The Young Professional’s Guide To Death

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Everyone has an opinion on how you should live your life in your 20s—open a Roth IRA, don’t put more than 30% of your income toward rent, visit your doctor annually and make sure he provides in-network coverage.

I definitely don’t have any of those bases covered, but I need some help with another subject matter—death. Because I really don’t know how to nonchalantly drop into happy hour conversation with friends that I just found out my aunt has stage four pancreatic cancer.

It would be helpful if someone could give me guidance on swiftly packing a carry-on suitcase filled with practical clothing options for an inevitable funeral.

Explain to me embracing my dad in way that says, “I’m so happy to be in your arms, but when I left at Christmas, I didn’t think I would be back in a month to watch you say goodbye to your sister.”

Send me a suggestion for responding properly to the text message from the cute guy I met at the bar last weekend. No, I didn’t celebrate fucking Pizza Day because I spent my night crying on an airplane and weeping on a hospice couch.

Please counsel me on comforting my 6’4” brother with tears streaming down his face because the woman he just saw resembles a shell of his aunt whose laugh once reverberated through rooms.

I have a damn journalism degree but none of my professors covered the topic of how to write an obituary that’s long enough to do your loved one’s life justice, but short enough that the city paper won’t send you a $1,000 bill—they charge by the letter, if you’re unaware.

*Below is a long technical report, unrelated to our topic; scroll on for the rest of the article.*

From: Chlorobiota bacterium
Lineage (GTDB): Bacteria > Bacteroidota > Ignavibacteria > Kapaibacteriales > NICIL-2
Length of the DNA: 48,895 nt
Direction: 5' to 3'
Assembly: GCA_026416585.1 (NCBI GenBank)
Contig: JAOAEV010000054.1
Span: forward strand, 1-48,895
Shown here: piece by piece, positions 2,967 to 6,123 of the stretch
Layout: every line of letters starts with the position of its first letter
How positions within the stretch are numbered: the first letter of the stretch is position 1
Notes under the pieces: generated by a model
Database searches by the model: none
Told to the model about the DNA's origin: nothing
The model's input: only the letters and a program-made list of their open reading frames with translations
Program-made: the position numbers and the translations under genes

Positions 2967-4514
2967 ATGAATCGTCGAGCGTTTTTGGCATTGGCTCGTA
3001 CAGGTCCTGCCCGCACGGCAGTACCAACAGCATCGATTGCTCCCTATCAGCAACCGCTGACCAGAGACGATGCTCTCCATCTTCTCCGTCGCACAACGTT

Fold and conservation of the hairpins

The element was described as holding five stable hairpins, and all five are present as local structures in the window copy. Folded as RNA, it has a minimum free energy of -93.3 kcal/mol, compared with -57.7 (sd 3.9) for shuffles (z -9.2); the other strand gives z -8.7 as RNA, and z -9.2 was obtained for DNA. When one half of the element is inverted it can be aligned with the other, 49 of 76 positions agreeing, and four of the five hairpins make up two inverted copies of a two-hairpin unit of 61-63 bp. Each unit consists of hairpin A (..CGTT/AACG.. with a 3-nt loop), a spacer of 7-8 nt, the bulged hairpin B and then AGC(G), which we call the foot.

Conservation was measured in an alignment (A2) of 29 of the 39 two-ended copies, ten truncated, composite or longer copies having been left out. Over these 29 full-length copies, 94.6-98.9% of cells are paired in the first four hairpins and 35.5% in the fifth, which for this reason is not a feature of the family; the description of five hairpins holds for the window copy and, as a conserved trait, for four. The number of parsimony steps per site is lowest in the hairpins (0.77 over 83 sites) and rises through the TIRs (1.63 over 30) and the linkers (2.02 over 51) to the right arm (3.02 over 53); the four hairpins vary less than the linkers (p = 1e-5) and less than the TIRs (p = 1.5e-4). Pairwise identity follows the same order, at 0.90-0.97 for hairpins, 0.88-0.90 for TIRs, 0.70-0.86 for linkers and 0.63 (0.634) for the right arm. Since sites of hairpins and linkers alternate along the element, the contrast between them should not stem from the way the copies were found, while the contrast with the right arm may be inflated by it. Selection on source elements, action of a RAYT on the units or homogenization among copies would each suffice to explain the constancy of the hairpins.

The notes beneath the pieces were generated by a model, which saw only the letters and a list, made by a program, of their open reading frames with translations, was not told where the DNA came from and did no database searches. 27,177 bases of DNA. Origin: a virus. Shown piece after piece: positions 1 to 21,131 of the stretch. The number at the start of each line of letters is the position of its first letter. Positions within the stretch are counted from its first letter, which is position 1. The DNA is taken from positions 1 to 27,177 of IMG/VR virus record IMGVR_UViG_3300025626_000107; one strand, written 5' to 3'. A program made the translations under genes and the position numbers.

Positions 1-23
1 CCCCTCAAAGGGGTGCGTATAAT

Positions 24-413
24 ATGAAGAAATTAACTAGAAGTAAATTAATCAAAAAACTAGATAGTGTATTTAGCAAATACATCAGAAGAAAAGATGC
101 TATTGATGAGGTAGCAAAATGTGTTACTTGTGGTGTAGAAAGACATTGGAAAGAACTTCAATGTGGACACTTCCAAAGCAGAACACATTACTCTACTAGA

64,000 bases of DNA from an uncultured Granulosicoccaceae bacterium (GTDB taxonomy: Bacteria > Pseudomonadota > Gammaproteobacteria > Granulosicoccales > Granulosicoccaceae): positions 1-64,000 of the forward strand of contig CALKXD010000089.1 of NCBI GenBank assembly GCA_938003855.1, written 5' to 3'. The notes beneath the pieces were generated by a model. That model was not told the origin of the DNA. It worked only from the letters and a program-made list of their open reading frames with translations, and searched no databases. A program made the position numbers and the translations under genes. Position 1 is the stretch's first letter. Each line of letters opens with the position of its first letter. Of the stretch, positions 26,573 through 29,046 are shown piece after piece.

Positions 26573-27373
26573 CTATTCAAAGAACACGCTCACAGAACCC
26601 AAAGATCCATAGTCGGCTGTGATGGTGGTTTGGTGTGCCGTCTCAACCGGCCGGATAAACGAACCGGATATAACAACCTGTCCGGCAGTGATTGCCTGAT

Walk me through the process of entering an empty, echoing home to sift through personal belongings so I can confirm my aunt’s Social Security number with the incompetent funeral home director.

I’m wondering if there is a proper etiquette when responding to my distant cousin who approaches me at the wake to emphatically say, “Sweetie, you just look so tired.” I’ll go ahead and assume it’s not appropriate to reply with the piercing thoughts on the tip of my tongue.

What’s the protocol for then resuming my daily life like I’m one of those TV shows that’s been abruptly interrupted by a breaking news alert? Do death, grief and mourning simply fade swiftly into grocery store trips, inane email threads and annual performance reviews?

My suggestion for the gurus who seem to specialize in the 20-something-year-old lifestyle—ditch your next article that’s probably titled “11 Signs That Traveling Has Changed You” and spend some time writing the Young Professional’s Guide to Death. TC mark

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